All the gravel-pits or stone quarries contiguous to the line should be described on the map, with the various roads communicating with them; and the existing bridges over the streams or rivers which are immediately below the proposed point of crossing them should be carefully measured, and the span, or waterway, stated on the section.

These preliminary precautions are absolutely necessary, to enable an engineer to fix upon the best line of road, with respect to general direction, and longitudinal inclination. Without the unerring guide of actual measurement and calculation, all will be guess and uncertainty.

It may be laid down as a general rule, that the best line of road between any two points will be that which is the shortest, the most level, and the cheapest of execution: but this general rule admits of much qualification; it must, in many cases, be governed by the comparative cost of annual repairs, and the present and future traffic that may be expected to pass over the road. Natural obstructions also, such as hills, valleys, and rivers, will intervene, and frequently render it necessary to deviate from the direct course.


In every instance of laying out a road in a hilly country, the spirit-level is essentially necessary to show the proper line of road to be selected. The general rule to be followed in surveys is to preserve the straight line, except when it becomes necessary to leave it to gain the rate of inclination that may be considered proper to be obtained, without expensive ex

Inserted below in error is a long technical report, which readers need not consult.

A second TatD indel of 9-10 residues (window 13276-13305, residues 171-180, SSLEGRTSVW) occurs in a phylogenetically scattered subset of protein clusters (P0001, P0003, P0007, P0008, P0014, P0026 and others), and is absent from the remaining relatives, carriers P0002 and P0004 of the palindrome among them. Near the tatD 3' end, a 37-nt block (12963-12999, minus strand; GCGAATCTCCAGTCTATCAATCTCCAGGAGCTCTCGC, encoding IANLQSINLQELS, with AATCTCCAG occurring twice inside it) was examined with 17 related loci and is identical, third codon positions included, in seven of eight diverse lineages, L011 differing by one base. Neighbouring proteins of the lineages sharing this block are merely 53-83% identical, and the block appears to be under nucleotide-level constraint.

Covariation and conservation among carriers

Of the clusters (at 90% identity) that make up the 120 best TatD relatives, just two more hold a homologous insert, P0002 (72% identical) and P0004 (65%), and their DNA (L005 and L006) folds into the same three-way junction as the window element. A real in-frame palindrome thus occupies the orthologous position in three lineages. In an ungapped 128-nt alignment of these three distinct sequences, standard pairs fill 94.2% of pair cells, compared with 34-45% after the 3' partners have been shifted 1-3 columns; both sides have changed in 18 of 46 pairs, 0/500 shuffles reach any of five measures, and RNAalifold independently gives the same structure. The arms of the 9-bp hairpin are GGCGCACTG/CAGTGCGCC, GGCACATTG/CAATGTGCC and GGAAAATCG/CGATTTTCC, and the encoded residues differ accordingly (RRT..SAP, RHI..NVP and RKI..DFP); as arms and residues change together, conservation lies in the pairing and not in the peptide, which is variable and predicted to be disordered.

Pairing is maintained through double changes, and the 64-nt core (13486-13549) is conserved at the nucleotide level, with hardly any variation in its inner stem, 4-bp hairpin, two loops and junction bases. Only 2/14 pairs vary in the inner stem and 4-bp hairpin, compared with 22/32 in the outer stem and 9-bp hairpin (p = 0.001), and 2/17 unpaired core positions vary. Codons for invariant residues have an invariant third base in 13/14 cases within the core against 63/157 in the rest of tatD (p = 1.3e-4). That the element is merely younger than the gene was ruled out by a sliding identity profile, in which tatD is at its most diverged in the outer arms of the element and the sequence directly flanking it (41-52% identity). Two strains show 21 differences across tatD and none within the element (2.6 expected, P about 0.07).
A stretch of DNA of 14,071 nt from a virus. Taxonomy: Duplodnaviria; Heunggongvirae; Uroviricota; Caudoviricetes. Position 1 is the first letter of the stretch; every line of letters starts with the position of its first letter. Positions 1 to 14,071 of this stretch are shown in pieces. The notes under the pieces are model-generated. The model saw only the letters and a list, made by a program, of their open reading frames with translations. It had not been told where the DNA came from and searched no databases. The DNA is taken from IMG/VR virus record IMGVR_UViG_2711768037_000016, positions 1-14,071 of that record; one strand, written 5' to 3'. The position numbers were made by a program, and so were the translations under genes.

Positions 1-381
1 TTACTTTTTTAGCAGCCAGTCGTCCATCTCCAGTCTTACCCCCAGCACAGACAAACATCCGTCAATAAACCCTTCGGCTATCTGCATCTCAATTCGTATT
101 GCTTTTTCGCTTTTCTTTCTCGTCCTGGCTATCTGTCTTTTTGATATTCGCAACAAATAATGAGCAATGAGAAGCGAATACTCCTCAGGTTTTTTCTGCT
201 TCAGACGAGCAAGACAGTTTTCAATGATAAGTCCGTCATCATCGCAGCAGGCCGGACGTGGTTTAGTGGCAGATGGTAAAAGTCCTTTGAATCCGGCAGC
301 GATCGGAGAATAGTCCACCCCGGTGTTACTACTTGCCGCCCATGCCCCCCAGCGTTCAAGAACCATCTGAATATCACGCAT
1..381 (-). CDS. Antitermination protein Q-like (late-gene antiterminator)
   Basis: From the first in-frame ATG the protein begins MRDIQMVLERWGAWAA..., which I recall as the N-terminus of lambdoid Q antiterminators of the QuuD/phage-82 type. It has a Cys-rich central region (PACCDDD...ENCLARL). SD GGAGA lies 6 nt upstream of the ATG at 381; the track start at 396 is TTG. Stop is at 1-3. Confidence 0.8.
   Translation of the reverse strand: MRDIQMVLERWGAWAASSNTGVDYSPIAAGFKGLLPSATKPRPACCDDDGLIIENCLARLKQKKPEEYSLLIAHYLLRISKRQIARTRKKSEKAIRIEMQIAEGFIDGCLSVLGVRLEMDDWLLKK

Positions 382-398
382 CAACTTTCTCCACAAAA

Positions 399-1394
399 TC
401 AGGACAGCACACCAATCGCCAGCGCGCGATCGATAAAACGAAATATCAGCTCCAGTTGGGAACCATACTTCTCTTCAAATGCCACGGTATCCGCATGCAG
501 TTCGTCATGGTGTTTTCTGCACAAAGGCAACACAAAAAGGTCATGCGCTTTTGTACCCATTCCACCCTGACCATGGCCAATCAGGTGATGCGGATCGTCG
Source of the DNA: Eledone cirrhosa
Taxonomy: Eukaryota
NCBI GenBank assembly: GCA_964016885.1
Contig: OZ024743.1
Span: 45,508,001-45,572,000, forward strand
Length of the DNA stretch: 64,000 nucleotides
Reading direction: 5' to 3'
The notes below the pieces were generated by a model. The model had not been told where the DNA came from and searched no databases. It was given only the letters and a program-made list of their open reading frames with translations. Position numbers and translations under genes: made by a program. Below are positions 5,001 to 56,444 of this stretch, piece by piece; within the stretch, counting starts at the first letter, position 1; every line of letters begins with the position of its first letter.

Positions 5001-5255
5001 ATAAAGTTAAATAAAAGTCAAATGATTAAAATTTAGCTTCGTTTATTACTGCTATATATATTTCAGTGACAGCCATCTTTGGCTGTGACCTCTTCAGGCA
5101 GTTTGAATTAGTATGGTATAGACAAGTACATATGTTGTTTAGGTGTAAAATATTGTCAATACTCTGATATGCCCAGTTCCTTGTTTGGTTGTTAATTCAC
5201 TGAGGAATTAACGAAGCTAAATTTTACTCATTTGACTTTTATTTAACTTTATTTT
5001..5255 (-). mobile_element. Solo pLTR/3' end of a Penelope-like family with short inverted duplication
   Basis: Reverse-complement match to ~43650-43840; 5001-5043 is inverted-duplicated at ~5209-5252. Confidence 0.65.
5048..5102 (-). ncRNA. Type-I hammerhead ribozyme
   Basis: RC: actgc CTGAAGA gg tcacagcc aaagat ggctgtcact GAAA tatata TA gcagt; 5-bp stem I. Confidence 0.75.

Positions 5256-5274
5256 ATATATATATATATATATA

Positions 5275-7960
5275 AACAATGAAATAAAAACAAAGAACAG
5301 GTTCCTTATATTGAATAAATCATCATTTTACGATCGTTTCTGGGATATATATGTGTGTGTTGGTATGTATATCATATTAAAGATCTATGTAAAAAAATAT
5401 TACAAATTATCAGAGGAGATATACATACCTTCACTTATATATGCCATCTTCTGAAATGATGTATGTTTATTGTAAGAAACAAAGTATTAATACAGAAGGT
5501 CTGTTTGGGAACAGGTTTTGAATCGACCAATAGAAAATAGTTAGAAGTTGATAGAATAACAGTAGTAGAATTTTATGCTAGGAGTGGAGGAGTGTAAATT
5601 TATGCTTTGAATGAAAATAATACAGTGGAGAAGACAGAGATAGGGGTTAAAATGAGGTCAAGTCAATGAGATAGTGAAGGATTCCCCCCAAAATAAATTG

ation is made for this purpose, it becomes necessary to proceed in a direct line from a new point.

Thus, for instance, if it be decided to have no greater rate of inclination than 1 in 35, on a new line of road, from A to B (Plate I. Fig. 1.), and the surveyor, when he arrives at the point a, finds a greater inclination than this, he must incline from the direct line to b. Having then gained the summit of the hill, he does not endeavour to get back into the original straight line AB, but pursues the direct line b в, unless he is again obliged, from a similar cause, to deviate from it. This part of the survey being accomplished, it will then become necessary to examine the practicability of making a direct line of road, between a and b, instead of going to the point a.